August 14, 2012
In a landmark judgment, the High Court in Windhoek (Namibia) ruled that the Namibian government had coercively sterilised three HIV-positive women in violation of their basic rights.
“This decision is a significant victory for HIV positive women in Namibia,” said Nicole Fritz, the Executive Director of the Southern Africa Litigation Centre (SALC). “This ruling affirms not only the rights of HIV positive women but also of all women to access their sexual and reproductive rights.”
No informed consent
The case, H.N. and Others v Government of the Republic of Namibia involved three HIV-positive women who sought to access pre-natal services at public hospitals in Namibia. The three women ranged in age from mid-20s to mid-40s when they were sterilised. All three were sterilised without their informed consent while accessing such services.
Ruling in the women’s favour, the High Court held that obtaining consent from women when they were in severe pain or in labour did not constitute informed consent. The Court further found that failure to obtain the three women’s informed consent violated the women’s rights under common law. The women will be awarded damages, although the amount is still to be decided.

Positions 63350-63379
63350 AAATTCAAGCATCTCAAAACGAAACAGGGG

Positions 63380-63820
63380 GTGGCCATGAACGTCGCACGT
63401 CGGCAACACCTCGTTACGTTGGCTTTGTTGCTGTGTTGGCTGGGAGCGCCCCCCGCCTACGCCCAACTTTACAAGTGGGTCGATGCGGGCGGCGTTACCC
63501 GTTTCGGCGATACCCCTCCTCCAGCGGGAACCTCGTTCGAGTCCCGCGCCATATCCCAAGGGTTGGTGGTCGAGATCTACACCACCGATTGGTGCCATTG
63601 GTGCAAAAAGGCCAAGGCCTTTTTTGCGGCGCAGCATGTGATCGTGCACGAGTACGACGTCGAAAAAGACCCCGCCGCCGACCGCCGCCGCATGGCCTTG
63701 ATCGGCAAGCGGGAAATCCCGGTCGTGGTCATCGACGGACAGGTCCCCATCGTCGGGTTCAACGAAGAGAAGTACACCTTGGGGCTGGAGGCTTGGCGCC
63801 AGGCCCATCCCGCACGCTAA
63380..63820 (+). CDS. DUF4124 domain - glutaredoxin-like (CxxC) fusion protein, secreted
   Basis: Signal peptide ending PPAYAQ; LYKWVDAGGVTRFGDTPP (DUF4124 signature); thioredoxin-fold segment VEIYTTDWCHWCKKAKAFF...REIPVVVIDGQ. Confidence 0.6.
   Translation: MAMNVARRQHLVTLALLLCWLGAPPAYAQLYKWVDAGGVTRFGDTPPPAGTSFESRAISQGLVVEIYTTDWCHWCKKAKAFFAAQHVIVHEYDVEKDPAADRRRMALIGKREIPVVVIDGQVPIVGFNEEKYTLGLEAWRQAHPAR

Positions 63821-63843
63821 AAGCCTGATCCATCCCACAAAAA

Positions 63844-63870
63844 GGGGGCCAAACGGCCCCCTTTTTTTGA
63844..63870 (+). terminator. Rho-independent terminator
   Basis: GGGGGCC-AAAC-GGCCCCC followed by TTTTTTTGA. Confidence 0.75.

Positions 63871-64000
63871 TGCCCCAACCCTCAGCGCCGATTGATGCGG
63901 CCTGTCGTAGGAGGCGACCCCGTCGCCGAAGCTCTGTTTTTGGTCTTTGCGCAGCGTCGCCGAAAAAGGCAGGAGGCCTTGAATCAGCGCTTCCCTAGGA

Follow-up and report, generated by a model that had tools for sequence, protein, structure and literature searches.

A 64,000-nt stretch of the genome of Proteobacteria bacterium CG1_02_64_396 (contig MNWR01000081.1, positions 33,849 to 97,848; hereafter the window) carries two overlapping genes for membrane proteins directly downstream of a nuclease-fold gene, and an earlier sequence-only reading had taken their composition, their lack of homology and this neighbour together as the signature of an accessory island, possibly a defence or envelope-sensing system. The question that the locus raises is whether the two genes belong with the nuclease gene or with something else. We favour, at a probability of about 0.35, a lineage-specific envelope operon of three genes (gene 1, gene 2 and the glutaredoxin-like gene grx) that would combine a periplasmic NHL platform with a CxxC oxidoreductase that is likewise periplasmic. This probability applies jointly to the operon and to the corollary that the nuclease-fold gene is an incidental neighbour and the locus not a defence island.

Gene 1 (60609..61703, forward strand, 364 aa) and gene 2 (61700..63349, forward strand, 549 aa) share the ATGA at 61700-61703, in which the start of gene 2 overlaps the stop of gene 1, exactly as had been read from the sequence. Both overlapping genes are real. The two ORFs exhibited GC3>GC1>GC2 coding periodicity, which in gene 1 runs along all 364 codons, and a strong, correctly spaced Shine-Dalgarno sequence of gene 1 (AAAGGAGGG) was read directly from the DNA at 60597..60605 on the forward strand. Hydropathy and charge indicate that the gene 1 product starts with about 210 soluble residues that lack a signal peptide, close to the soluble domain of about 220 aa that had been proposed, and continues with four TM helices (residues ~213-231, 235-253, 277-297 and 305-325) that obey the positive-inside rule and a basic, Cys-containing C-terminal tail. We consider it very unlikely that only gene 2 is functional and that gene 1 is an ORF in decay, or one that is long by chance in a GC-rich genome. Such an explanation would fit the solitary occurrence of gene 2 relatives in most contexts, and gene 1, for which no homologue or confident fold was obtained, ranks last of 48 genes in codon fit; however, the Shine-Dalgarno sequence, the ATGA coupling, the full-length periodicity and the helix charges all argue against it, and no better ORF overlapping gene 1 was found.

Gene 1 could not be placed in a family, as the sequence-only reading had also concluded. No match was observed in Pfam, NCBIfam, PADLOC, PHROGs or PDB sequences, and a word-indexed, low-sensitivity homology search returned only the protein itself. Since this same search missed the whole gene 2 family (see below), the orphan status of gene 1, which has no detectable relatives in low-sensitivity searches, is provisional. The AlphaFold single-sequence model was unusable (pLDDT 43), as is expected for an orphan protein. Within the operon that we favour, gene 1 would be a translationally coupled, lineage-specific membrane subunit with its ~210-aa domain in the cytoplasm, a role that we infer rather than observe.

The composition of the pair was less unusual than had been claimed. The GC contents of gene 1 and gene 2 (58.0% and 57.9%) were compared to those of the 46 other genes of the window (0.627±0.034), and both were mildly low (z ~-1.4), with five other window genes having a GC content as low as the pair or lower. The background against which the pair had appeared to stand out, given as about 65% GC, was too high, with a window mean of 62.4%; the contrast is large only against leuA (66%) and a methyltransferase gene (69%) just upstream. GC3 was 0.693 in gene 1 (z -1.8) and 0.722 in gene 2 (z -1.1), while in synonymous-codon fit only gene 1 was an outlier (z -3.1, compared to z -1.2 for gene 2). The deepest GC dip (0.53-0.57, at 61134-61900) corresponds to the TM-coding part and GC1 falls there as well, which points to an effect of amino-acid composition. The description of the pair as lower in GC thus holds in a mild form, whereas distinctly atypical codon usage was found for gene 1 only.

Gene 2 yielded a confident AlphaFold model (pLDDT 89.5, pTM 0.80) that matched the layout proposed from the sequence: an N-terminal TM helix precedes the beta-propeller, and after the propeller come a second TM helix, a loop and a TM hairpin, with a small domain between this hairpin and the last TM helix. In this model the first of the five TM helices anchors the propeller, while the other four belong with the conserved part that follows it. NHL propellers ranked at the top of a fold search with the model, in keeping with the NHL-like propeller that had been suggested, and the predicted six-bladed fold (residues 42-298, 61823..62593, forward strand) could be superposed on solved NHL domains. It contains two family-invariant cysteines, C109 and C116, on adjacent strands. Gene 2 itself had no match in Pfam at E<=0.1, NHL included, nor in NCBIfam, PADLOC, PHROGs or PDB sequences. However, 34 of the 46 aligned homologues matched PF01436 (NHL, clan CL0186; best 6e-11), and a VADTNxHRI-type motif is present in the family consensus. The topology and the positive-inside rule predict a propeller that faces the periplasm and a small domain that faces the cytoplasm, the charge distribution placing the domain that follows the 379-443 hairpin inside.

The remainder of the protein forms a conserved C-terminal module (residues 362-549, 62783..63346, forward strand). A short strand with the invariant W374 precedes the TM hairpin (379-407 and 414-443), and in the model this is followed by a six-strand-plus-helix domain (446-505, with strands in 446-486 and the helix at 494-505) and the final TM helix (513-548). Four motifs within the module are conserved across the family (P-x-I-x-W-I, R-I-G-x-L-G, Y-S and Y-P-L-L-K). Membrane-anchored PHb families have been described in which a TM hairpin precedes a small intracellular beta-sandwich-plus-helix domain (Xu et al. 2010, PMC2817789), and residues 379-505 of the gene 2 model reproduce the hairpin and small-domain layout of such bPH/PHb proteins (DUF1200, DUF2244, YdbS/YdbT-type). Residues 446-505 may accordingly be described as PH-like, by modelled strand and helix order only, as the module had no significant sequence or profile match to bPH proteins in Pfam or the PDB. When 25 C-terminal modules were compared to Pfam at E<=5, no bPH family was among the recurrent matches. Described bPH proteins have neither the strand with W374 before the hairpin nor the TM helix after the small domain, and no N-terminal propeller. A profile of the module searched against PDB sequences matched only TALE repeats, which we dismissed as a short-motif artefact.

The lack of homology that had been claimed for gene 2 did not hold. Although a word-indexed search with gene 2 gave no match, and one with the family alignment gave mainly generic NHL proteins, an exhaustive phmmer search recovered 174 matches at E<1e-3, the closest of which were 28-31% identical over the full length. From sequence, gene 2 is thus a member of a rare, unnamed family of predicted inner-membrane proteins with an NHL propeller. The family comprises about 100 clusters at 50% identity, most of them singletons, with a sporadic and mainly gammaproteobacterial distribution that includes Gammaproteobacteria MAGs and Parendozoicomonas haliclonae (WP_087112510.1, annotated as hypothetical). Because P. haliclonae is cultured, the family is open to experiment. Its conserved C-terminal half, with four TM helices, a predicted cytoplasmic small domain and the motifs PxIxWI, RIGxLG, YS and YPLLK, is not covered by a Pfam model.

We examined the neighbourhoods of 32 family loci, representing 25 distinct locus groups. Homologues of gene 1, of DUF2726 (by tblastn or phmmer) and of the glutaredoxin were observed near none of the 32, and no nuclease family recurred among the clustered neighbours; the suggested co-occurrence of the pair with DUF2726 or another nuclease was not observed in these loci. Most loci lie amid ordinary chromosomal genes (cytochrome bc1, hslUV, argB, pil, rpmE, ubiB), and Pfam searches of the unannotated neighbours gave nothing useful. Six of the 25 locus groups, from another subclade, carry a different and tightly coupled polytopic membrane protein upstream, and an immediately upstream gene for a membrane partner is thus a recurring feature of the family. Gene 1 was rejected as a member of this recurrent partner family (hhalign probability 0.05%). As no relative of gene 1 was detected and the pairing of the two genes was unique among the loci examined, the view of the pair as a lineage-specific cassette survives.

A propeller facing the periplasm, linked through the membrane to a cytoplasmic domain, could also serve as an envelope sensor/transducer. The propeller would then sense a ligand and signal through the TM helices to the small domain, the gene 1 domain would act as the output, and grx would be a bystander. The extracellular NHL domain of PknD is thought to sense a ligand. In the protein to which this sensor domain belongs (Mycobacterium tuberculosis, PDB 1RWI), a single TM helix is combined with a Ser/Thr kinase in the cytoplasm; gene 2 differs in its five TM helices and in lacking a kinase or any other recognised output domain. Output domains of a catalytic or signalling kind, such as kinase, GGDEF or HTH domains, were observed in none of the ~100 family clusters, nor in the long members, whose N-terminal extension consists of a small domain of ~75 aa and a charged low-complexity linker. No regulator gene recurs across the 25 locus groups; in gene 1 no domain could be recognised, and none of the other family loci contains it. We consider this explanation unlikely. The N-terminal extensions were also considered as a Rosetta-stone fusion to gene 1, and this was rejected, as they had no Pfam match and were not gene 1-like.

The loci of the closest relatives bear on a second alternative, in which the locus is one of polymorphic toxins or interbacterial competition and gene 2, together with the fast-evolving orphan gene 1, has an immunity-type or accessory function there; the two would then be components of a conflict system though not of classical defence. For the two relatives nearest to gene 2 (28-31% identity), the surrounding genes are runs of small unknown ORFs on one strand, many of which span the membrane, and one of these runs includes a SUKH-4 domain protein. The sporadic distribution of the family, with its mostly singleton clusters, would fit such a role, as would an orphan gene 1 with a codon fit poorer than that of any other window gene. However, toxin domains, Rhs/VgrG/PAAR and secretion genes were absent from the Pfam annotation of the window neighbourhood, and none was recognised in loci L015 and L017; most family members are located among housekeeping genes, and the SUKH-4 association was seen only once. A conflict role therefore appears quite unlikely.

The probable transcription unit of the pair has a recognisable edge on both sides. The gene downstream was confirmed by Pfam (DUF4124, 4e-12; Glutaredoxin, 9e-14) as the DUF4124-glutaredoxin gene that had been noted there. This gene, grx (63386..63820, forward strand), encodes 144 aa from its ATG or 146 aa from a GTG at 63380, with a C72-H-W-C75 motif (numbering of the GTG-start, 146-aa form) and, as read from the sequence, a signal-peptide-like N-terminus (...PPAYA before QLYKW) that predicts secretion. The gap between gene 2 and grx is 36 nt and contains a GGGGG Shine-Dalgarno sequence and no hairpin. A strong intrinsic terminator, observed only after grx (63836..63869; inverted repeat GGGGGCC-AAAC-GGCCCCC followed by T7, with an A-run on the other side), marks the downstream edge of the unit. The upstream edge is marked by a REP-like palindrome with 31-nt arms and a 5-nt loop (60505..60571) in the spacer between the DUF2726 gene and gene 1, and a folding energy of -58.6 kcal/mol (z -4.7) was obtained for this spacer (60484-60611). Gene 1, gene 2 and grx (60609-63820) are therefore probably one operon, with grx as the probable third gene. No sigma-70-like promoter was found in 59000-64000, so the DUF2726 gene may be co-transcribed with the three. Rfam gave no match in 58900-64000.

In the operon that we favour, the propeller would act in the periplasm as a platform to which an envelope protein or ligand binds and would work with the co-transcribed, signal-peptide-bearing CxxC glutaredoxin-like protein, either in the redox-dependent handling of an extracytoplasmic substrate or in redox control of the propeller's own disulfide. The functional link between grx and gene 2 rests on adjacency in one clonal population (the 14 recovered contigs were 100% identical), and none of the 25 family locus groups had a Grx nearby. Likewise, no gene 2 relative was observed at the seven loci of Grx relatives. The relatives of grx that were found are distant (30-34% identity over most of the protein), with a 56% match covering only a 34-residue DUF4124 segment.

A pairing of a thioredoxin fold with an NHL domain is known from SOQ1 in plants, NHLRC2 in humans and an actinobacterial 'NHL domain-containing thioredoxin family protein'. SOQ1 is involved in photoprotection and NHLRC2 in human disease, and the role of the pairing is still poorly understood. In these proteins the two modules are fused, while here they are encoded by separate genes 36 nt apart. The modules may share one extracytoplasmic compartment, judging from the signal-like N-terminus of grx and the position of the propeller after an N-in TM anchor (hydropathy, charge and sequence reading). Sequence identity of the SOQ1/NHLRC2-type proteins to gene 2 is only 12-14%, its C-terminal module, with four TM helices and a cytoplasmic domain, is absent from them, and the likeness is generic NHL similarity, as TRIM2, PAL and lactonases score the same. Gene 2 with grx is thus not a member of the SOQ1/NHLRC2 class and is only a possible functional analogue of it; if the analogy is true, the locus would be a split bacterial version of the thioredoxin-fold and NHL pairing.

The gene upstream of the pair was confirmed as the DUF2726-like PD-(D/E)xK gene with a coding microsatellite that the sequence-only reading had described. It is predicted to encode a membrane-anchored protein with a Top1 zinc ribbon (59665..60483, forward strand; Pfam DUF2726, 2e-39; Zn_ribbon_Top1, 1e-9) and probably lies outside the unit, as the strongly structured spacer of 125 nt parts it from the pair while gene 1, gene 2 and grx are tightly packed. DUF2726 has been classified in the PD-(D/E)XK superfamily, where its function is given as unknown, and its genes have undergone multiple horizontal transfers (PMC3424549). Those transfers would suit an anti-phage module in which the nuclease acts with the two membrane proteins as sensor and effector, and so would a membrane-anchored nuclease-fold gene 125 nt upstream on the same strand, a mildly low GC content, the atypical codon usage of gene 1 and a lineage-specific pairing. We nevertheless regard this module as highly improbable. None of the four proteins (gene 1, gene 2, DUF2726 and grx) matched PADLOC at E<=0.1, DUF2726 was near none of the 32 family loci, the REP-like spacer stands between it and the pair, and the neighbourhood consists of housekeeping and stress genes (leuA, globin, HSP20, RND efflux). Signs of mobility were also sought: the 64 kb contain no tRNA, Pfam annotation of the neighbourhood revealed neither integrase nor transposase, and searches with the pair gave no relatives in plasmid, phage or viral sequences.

Tip of the iceberg
“These three cases represent only the tip of the iceberg because numerous HIV positive women have come forward alleging they were similarly subjected to coerced sterilisation at public hospitals in Namibia,” said Fritz.
Dozens of other cases have been documented throughout Namibia of HIV positive women being subjected to coerced sterilisation. However, despite significant evidence of the widespread practice throughout Namibia, little action has been taken to address this problem.
“This decision is the first step in ensuring that no other women will be coercively sterilised in public hospitals in Namibia,” said Priti Patel, SALC Deputy Director. “Now the government must meaningfully investigate all the other cases to ensure justice for every woman who has been coercively sterilised.”
Recently, the Namibian Women’s Health Network (NWHN), together with the Northeastern University Law School and the International Human Rights Clinic at Harvard Law School (IHRC) published a report on the stigma and discrimination of women living with HIV in Namibia. Entitled At the Hospital There Are No Human Rights, the report examines the human rights situation related to sexual and reproductive health of women living with HIV, including the gravity and ongoing nature of forced and coerced sterilizations in Namibia.